IN PRAISE OF SALESMEN. I want to highlight one sentence in the article about Josiah Wedgwood by Judith Flanders. She writes that for Wedgwood, “Selling was an intellectual pleasure, an art form.” I am pleased to see an undervalued profession spoken of in such terms.

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  1. Annalisa says:

    You might say that I’ve been developing a theory (albeit a simple one) that accommodates this statement. My theory is that elitism has no usefulness except for buttressing the fragile egos of people who need it; generally (I admit there are exceptions) there is no inherent greater value to one activity over another, except for illegal ones. I started thinking about this because of a Holly Lisle article about experts vs. professionals. I continued thinking about it because of how you, Dad, consider something valuable even when it appears worthless to you, as long as other people are eager to pay for it. Paris Hilton is a good example.

    Edit: I would like to add two things. One, that this relativistic-type thinking does not take into account personal taste. Personal taste is highly individual (or should be) and carries a lot of clout with me. After I wrote out my theory here, I started to be dissatisfied with it because my personal taste tells me that A LOT of things that other people like are garbage. Two, I want to add a third reason for this theory, and that is my years spent at Carnegie Mellon where my art and writing were regarded as worthless. That experience made me think twice about dissing even such artists as Thomas Kinkade (who I believe has been a topic of discussion on Pater Familias before).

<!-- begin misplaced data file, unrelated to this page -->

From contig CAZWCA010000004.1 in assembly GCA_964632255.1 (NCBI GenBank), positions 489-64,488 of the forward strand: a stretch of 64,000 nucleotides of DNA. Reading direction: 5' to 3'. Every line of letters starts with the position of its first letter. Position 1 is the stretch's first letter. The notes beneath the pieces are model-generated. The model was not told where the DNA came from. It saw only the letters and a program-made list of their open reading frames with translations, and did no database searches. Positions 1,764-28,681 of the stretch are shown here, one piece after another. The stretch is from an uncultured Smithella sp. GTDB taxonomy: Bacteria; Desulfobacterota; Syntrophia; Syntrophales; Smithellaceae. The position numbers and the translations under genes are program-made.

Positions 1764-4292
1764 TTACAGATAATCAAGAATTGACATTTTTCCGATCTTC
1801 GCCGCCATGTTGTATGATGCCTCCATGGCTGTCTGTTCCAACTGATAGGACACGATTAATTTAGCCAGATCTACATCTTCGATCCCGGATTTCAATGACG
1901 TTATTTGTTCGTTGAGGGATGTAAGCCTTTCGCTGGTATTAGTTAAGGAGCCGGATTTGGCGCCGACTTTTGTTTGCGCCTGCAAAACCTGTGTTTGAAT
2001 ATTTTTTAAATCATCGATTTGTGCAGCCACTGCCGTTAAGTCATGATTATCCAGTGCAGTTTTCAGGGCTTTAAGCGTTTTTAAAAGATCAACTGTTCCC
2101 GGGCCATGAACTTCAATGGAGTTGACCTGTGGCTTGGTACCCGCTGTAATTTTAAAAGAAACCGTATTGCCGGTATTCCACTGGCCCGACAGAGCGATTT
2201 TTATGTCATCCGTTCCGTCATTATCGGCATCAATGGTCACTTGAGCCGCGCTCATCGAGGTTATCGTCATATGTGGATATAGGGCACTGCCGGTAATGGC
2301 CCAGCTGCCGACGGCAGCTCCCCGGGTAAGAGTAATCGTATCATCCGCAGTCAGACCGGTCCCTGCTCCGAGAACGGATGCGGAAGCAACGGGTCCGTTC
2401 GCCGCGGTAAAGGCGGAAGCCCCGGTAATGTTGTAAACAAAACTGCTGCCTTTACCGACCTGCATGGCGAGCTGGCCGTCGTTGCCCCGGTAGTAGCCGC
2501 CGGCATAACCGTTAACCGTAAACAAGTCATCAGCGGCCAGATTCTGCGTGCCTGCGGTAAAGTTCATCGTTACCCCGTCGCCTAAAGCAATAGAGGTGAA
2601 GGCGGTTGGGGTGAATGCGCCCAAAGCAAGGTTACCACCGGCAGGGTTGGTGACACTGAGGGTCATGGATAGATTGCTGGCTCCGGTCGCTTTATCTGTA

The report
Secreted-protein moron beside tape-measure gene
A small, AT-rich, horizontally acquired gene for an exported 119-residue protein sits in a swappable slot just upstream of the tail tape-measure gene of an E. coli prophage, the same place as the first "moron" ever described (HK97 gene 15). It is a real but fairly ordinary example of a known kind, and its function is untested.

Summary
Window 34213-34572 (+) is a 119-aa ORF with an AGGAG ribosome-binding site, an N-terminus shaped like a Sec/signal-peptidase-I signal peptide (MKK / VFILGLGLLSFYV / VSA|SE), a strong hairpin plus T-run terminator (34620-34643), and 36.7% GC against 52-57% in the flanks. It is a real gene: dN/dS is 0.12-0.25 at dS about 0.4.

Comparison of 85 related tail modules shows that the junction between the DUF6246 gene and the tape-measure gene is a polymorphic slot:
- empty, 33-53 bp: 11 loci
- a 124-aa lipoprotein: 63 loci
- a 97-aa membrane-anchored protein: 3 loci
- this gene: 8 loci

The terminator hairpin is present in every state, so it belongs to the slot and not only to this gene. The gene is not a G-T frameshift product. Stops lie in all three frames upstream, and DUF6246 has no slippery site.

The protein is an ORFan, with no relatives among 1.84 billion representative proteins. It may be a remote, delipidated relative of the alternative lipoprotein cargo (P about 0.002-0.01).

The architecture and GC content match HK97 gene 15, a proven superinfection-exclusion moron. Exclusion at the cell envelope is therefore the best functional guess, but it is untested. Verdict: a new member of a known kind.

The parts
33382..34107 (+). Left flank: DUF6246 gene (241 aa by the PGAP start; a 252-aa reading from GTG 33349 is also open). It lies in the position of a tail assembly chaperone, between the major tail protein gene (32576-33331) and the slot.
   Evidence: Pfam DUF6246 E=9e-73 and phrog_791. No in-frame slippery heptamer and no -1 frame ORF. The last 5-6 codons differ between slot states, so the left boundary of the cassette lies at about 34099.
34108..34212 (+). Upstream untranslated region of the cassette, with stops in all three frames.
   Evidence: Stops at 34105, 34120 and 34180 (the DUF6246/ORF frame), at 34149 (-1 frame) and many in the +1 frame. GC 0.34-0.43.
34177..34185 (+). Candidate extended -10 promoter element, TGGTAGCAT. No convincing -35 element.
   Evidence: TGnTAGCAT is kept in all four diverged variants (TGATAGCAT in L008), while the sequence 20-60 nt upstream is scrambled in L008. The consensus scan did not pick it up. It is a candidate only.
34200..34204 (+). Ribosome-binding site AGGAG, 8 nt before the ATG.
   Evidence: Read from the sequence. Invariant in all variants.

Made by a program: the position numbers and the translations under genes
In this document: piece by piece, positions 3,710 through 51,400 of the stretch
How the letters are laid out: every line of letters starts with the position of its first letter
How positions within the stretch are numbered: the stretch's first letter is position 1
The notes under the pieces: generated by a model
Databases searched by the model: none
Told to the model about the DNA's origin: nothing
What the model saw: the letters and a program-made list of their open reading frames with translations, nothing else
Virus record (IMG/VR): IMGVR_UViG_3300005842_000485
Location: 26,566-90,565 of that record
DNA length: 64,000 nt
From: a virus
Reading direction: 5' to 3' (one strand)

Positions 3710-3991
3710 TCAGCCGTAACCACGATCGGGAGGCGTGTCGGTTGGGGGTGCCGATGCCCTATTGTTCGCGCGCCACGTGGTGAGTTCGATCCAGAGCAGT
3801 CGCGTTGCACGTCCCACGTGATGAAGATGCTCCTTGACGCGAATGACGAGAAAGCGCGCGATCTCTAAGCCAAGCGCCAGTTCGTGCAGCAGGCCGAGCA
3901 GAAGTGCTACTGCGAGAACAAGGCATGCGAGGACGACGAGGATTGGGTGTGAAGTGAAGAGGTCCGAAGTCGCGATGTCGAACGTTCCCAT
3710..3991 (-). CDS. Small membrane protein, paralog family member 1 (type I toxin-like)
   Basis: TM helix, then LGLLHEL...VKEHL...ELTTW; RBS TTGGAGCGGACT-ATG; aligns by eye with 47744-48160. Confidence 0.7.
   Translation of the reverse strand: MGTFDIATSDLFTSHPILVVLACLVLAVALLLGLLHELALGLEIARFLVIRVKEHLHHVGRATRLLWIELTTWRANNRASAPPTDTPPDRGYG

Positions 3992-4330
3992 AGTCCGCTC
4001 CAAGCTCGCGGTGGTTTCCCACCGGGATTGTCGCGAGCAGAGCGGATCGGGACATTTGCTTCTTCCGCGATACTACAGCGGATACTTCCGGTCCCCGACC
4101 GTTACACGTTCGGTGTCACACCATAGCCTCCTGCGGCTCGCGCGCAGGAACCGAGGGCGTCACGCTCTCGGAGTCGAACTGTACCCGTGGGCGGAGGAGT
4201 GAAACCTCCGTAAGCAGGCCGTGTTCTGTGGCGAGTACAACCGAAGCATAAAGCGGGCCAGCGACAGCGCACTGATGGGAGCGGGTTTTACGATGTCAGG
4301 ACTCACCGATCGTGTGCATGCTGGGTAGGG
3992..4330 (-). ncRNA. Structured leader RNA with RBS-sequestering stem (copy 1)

2. Mary Jane Schaefer says:

    I see what you mean, Annalisa, but I’ve got to draw the line at Thomas Kinkade, “Painter of Light.” Talk about salesmanship! He reminds of Erika Jong, who wrote a successful potboiler and then compared herself, in print, in The New Yorker, to Keats!

  3. jim arrowsmith says:

    Phil, the report that you are willing to accept something as valuable even when it appears to be worthless to you ” as long as other people are eager to pay for it” simply reflects the intellectual damage done by long years of studying free market economics. Of course, even worse than the market are the evaluations of the pompous intellectuals who dominate the worlds of art, literary criticism.

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